Boating NZ : FREE TO READ March 2014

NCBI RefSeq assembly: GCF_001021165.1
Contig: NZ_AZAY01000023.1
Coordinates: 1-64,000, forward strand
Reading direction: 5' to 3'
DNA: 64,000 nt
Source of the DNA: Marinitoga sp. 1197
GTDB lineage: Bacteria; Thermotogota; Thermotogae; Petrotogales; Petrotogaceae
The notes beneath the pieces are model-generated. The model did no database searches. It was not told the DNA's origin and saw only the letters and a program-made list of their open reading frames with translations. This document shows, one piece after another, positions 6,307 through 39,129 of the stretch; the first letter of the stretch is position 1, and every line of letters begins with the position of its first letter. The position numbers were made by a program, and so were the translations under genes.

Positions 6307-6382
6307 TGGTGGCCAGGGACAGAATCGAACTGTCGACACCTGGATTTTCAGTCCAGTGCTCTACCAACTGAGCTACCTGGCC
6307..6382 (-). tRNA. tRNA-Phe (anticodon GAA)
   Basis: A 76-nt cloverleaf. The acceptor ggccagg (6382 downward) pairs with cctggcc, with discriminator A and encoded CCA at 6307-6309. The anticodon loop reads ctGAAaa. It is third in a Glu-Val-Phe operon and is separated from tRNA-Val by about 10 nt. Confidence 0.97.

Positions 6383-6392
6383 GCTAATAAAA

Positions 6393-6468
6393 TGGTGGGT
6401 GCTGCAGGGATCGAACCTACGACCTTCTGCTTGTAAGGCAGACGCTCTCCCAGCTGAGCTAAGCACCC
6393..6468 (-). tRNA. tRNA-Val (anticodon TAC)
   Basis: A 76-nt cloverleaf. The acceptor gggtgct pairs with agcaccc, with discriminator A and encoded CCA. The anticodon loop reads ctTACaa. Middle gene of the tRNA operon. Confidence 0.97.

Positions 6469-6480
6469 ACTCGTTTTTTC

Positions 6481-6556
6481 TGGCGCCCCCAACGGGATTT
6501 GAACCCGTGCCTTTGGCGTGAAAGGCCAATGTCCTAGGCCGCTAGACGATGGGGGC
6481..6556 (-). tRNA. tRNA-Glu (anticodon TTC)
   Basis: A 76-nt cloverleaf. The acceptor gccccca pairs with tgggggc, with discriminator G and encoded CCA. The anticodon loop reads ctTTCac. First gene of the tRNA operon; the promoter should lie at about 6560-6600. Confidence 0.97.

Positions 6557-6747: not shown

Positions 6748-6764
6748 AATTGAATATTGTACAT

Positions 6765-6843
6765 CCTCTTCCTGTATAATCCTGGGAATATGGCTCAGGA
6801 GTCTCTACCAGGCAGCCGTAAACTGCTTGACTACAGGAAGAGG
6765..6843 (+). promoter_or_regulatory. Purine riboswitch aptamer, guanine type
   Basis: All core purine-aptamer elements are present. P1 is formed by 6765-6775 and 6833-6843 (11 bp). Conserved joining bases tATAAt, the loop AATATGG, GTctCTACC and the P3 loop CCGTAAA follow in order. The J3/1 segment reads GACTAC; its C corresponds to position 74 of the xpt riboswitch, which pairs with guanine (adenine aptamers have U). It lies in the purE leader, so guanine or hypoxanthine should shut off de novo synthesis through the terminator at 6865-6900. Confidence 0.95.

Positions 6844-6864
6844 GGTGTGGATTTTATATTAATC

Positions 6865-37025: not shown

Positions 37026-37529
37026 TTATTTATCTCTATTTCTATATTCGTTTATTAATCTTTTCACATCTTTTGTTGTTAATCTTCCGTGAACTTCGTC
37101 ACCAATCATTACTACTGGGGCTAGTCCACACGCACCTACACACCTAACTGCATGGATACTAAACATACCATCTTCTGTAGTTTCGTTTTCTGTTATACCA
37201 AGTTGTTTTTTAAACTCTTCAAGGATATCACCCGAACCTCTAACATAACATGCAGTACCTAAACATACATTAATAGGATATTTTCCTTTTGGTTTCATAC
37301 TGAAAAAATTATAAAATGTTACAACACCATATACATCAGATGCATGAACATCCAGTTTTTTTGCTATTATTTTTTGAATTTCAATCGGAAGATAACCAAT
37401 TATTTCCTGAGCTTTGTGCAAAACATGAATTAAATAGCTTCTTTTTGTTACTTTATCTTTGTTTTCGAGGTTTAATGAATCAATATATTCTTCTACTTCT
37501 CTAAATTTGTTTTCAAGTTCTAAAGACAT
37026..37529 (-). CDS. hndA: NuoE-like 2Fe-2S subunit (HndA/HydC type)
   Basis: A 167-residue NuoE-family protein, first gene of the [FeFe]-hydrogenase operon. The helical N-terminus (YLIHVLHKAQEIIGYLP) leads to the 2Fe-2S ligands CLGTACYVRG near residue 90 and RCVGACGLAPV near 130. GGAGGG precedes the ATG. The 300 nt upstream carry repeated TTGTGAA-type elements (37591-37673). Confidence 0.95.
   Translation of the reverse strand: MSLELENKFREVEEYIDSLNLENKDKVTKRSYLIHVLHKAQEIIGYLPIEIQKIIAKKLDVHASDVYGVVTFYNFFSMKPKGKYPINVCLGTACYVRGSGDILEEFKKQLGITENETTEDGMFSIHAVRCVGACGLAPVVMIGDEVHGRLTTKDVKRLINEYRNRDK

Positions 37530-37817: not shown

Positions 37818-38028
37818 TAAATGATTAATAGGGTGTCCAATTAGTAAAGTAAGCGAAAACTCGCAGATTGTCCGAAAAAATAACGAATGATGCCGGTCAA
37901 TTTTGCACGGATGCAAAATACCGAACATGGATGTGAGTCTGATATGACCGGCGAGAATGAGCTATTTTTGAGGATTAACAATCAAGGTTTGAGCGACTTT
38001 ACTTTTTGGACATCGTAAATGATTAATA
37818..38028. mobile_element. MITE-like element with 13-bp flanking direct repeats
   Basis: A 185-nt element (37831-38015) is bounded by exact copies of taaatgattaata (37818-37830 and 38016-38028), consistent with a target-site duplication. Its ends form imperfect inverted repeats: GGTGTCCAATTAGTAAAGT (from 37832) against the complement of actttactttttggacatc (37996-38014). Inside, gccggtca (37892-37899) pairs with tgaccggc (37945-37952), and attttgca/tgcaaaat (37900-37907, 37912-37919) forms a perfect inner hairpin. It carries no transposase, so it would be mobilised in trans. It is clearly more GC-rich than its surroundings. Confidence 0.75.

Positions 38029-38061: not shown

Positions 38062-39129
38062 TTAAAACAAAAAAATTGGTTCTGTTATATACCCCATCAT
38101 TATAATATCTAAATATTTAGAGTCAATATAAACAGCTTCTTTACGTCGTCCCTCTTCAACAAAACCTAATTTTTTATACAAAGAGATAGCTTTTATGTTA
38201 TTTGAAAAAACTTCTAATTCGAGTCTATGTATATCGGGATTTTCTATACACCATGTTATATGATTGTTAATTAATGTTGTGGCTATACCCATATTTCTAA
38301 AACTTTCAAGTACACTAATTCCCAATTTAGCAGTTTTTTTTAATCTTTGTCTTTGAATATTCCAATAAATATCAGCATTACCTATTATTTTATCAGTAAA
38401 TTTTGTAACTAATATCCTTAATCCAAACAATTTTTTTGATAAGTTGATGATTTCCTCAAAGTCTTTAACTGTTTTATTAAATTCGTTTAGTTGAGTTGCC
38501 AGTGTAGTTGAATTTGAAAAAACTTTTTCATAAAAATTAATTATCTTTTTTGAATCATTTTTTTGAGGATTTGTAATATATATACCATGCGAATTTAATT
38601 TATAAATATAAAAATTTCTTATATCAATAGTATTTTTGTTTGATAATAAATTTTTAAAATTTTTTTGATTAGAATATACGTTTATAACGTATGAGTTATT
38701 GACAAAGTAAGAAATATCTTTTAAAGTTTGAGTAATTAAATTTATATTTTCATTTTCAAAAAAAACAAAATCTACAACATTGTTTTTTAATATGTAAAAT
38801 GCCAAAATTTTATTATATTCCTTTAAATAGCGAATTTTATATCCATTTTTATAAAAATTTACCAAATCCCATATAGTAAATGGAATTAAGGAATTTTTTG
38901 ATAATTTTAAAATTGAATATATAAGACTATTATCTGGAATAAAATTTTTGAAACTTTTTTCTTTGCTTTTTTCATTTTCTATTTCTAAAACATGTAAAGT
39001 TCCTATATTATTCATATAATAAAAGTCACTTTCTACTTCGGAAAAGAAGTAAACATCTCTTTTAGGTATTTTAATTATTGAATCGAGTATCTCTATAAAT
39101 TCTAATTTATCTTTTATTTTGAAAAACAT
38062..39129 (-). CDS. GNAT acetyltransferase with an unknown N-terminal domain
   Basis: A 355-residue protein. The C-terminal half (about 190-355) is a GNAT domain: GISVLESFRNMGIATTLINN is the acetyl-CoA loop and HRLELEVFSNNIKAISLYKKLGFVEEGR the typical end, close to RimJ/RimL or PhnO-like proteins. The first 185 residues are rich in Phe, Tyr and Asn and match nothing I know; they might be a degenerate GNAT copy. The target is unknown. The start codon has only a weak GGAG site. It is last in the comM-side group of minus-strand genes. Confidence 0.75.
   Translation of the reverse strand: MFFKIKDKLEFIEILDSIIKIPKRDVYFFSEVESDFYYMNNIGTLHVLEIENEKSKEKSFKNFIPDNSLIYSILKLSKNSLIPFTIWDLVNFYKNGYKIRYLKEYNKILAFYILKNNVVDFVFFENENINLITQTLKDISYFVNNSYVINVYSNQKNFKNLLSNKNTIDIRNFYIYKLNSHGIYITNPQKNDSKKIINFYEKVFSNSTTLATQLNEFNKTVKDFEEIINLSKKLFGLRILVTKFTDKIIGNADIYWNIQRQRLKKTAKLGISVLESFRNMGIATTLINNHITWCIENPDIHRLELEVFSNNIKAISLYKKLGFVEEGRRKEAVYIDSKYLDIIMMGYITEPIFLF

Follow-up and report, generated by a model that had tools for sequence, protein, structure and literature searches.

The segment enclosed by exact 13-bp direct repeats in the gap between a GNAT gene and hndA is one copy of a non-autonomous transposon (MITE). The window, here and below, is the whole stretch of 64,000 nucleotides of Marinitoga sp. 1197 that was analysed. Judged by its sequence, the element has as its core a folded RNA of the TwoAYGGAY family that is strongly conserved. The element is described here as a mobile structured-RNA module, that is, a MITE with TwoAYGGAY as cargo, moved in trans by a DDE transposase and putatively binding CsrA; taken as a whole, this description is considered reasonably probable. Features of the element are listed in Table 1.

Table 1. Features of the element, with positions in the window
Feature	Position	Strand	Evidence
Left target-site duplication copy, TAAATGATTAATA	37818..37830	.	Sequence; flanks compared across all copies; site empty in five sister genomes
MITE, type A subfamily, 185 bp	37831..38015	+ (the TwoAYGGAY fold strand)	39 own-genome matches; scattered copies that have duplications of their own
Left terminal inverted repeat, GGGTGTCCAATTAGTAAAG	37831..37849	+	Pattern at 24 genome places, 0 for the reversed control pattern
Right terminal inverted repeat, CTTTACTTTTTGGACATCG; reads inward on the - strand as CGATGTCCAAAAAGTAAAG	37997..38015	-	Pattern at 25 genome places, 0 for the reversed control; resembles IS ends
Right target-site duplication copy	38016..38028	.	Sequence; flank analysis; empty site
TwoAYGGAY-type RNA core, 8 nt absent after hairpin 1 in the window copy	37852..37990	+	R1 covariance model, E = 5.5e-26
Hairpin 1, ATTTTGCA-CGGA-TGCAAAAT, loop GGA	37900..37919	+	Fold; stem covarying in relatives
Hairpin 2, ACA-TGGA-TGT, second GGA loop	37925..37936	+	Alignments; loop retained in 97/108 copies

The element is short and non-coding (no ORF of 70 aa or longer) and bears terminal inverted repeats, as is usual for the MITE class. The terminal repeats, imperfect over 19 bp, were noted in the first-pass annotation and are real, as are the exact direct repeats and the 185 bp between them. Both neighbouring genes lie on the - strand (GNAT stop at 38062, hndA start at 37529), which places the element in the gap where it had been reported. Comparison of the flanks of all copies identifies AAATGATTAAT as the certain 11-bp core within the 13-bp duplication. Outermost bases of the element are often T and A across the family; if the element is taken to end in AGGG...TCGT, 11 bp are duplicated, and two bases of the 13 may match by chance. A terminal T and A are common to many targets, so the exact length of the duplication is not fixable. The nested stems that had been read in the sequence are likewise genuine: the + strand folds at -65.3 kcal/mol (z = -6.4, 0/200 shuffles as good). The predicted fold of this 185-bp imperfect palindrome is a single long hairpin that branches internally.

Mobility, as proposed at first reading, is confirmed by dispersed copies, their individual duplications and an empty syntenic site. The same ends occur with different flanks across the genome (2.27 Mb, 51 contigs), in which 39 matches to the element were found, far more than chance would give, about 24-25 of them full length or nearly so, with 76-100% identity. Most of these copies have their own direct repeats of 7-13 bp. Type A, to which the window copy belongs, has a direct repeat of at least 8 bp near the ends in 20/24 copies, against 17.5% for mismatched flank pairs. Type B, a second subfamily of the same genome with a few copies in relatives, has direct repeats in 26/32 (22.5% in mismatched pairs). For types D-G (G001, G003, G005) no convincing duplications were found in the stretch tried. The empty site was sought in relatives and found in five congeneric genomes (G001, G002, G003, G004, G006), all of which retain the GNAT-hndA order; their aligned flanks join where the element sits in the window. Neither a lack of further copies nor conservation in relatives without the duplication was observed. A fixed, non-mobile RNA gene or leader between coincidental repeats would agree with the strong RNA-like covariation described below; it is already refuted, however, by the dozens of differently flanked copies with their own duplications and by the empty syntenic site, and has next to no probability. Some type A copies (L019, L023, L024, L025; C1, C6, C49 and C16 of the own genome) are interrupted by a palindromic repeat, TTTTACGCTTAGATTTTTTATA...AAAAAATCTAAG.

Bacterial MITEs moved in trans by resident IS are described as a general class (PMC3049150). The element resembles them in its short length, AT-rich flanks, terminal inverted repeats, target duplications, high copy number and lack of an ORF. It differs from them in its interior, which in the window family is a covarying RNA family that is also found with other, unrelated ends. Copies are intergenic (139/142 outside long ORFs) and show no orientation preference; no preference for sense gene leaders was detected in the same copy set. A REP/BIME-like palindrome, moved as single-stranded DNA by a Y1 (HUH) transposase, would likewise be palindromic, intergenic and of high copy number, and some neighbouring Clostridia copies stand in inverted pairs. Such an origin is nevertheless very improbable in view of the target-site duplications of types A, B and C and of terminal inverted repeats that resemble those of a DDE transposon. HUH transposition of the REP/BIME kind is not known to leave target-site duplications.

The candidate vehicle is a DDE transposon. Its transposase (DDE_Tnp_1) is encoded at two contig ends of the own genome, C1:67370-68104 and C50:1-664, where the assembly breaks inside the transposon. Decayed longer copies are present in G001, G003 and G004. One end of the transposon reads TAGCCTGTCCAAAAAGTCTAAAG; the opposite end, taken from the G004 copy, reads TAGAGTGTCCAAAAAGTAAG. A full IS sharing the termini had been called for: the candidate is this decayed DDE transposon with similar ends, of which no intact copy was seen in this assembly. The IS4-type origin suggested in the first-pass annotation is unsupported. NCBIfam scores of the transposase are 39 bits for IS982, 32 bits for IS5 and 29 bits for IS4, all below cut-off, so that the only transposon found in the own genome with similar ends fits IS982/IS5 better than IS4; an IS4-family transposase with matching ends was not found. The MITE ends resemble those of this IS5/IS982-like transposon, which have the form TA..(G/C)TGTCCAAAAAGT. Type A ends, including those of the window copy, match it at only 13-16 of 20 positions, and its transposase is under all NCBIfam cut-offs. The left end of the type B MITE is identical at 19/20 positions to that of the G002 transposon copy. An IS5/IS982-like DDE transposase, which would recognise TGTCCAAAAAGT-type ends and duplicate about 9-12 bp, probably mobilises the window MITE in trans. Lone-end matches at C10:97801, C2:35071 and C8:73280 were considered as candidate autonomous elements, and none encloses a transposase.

cycles. The point, though, is that you won’t need to replace lithium-iron batteries nearly as often. Enthusiasts like to suggest they’ll outlast your boat. For sailors, the fast-recharge ability holds great appeal. Conventional batteries need three stages of charging: flooding the battery with current, absorption and, finally, trickle charging. Collectively, it can take several hours – and consume lots of fuel if the charge source is your diesel’s alternator – to keep the batteries healthy. Lithium batteries have only two charging stages – flood and trickle – and they accept around 90% of the charge, the flood part, in a little over an hour. Furthermore, conventional batteries can be discharged only to around 50% of their capacity before they need recharging. Lithium-iron batteries are good for as low as 85% discharge. And the voltage during that discharge stays constant in a lithium-iron battery – around 12.6 volts, compared to the steady voltage fall-off that marks a conventional battery’s discharge. In real terms, this equates to far more usable amp-hours. Feasibly, you could swap your existing heavyweights for a smaller capacity bank of lithium- iron batteries because of the wider usability range. Also, they can be used as start and house batteries; there is no deep-cycle distinction. Appealing as these advantages may be, there is, as always, a debit side. PRICEY AND COMPLICATED Lithium-iron batteries are expensive – at least two, three and even four times the price of standard batteries depending on where you shop. Proponents of the lithium-iron Lithium-iron batteries are built from individual 3.2V cells. E-Gen has a battery bank mounted under each of the front seats. The 18kW Lynch motor is particularly light and compact. 0314-42 subscribe online at www.mags4gifts.co.nz/boating-nz 59 subscribe online at www.mags4gifts.co.nz/boating-nz 59 PBoating_Batteries_March14.indd 59 19/02/2014 10:06:39 a.m.
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